Posts Tagged ‘Einstein’

Quantum mechanics is the theory that explains the invisible world that makes up the world of matter that we live in. Einstein was one of its fathers, though as the theories grew stranger, he came to doubt some of the implications of quantum mechanics.

One of the ones he had the most trouble with was coherence, the theory that many realities exist at the same time until one of them is chosen and the other realities collapse into the one. It’s the theory that is popularly known as Schrödinger’s cat. Schrödinger, who was another father of quantum mechanics, used the idea of a cat in a box to illustrate the absurd implications of coherence. In a thought experiment, he places a cat in a sealed box with a radioactive material, a Geiger counter, and an “infernal contraption” that releases a poison gas if an atom of radioactive material randomly decays. He said that until you open the box, you cannot know if the cat is alive or dead. In fact, he said, until you open the box, the cat is both alive and dead.

He didn’t really think that a cat could be both alive and dead at the same time, but quantum theory predicted that at the size of subatomic particles and maybe even in larger cases (millions of atoms), something could be in two different states or even two different places at the same time. A few days ago, a paper was published that is another proof that what Einstein couldn’t believe actually exists. Schrodinger’s cat lives, or is dead, whichever.

As most of us learned in junior high school, plants turn sunlight into energy through a process called photosynthesis. This experiment shows that one of the mechanisms that plants use to pull off this trick is quantum mechanics, and in particular, coherence. The scientists shone light on a plant’s photo receptor cells on the surface of the plant, then watched with a high speed laser as the light found its way deep into the plant where the light converting cells lie. They captured records of the light as it took all the possible paths from the surface to the cells inside the plant. Then they watched as the multiple paths collapsed instantaneously into the single shortest path.

For a brief moment, about a couple of billionths of a second, all the possibilities existed. Then there was only one. Strange indeed. But it seems likely, since this was not the first time this phenomenon was seen, that all plants can pull off this trick.

But what I find really strange is that a few physicists, including Roger Penrose, who is a giant in the field, believe that the same thing is going on in our brains, and that it may account for consciousness and maybe even free will.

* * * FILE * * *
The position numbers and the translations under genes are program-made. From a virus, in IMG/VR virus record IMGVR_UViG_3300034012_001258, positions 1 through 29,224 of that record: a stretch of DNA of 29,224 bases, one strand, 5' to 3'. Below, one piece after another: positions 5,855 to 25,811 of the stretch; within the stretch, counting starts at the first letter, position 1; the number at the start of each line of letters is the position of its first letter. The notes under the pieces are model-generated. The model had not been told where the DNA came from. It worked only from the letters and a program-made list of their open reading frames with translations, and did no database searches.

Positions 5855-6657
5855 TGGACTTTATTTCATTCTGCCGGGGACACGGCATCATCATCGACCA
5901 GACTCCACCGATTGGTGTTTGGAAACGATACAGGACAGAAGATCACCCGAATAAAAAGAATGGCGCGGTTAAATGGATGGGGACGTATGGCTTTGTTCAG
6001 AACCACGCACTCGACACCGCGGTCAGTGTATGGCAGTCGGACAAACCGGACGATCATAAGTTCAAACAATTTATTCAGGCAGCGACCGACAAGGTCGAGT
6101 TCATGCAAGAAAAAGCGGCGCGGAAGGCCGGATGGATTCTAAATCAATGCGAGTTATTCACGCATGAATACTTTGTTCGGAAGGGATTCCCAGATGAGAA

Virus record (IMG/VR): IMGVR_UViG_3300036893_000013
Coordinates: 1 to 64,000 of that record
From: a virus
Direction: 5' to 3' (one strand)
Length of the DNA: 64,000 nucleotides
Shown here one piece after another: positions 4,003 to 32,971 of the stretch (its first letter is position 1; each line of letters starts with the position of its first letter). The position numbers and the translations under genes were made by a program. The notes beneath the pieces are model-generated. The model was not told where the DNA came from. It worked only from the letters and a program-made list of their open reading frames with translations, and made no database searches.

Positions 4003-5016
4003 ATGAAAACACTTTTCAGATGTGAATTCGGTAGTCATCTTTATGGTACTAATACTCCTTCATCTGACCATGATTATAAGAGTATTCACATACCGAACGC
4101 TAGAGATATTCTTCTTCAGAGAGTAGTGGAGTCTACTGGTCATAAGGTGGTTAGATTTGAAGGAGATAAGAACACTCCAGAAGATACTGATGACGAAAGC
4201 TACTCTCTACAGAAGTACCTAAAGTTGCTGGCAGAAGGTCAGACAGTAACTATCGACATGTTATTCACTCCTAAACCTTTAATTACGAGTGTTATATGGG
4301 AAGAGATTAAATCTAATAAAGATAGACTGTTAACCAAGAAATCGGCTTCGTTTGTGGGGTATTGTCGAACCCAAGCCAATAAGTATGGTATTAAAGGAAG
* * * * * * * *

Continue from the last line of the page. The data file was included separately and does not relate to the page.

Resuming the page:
Next time on Strange Science (I’m joking), quantum entanglement, a really strange (and true) phenomenon.


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Late last week the universe shuddered a bit, but didn’t collapse. Newton rolled over in his grave and Einstein was heard to mutter “Vat is das?”

But most of us ate breakfast, hugged the children, went to work. The sun didn’t quit shining; the bills tumbled through the letter slot.

In a time of deep pain and economic woe, the discovery that an invisible subatomic particle was clocked breaking the speed limit of light is little more than a distraction to most of us. In the physics world, if it is proven to be something other than a measurement error, it is a revolution.

Because nothing is supposed to beat the speed of light, according to the world’s most famous formula, the only one everyone knows, Einstein’s special relativity theory, which says E=MC2. But now if there is a crack in the formula, we may be able to peek through it into an even stranger universe than we already thought we had — one that is strange enough already.

After all, we have quantum entanglement, which Einstein called “spooky action at a distance,” and dark matter that makes up 83 % of the universe, but we don’t know what it is. There appear to be entire galaxies being sucked toward some specific part of the sky like water gushing down a drain. Maybe our universe is emptying into another dimension. It’s a dangerous neighborhood to live in, but what other choices do we have?

The big reason that UFOs always seemed like a silly idea was that our nearest neighbor lived at least four years away from us and there was probably nobody home there anyway. Some scientists calculate that the likelihood of other intelligent life in the universe is 100%, which given the number of new planets astronomers have discovered in orbit around other stars, seems like a safe bet. But if there is a law against faster than light travel, we might as well be on separate islands in the ocean without a canoe. We can hail each other, but it might take a thousand years to get a reply.

If the little muon neutrino really is coasting along faster than light, the game has changed. Now we can imagine FTL communications — neutrino dots and dashes from another island in space. And the dream of my teenage science fiction fantasies — the faster than light drive, galactic empires, alien contact, the whole wonder-inspiring trip I took when I looked up at the night sky — is a little less far-fetched.

That’s a lot of hope to put into a little neutrino that weighs next to nothing and has so little strength that billions have zipped through your body while you were reading this, without your noticing. We’ll have a hard time harnessing neutrinos to a starship and taking off on the greatest adventure of all time. But if it can be done, if things with mass can break the light barrier, then someday, somehow, someone will do it. Then, of course, we will be the aliens.

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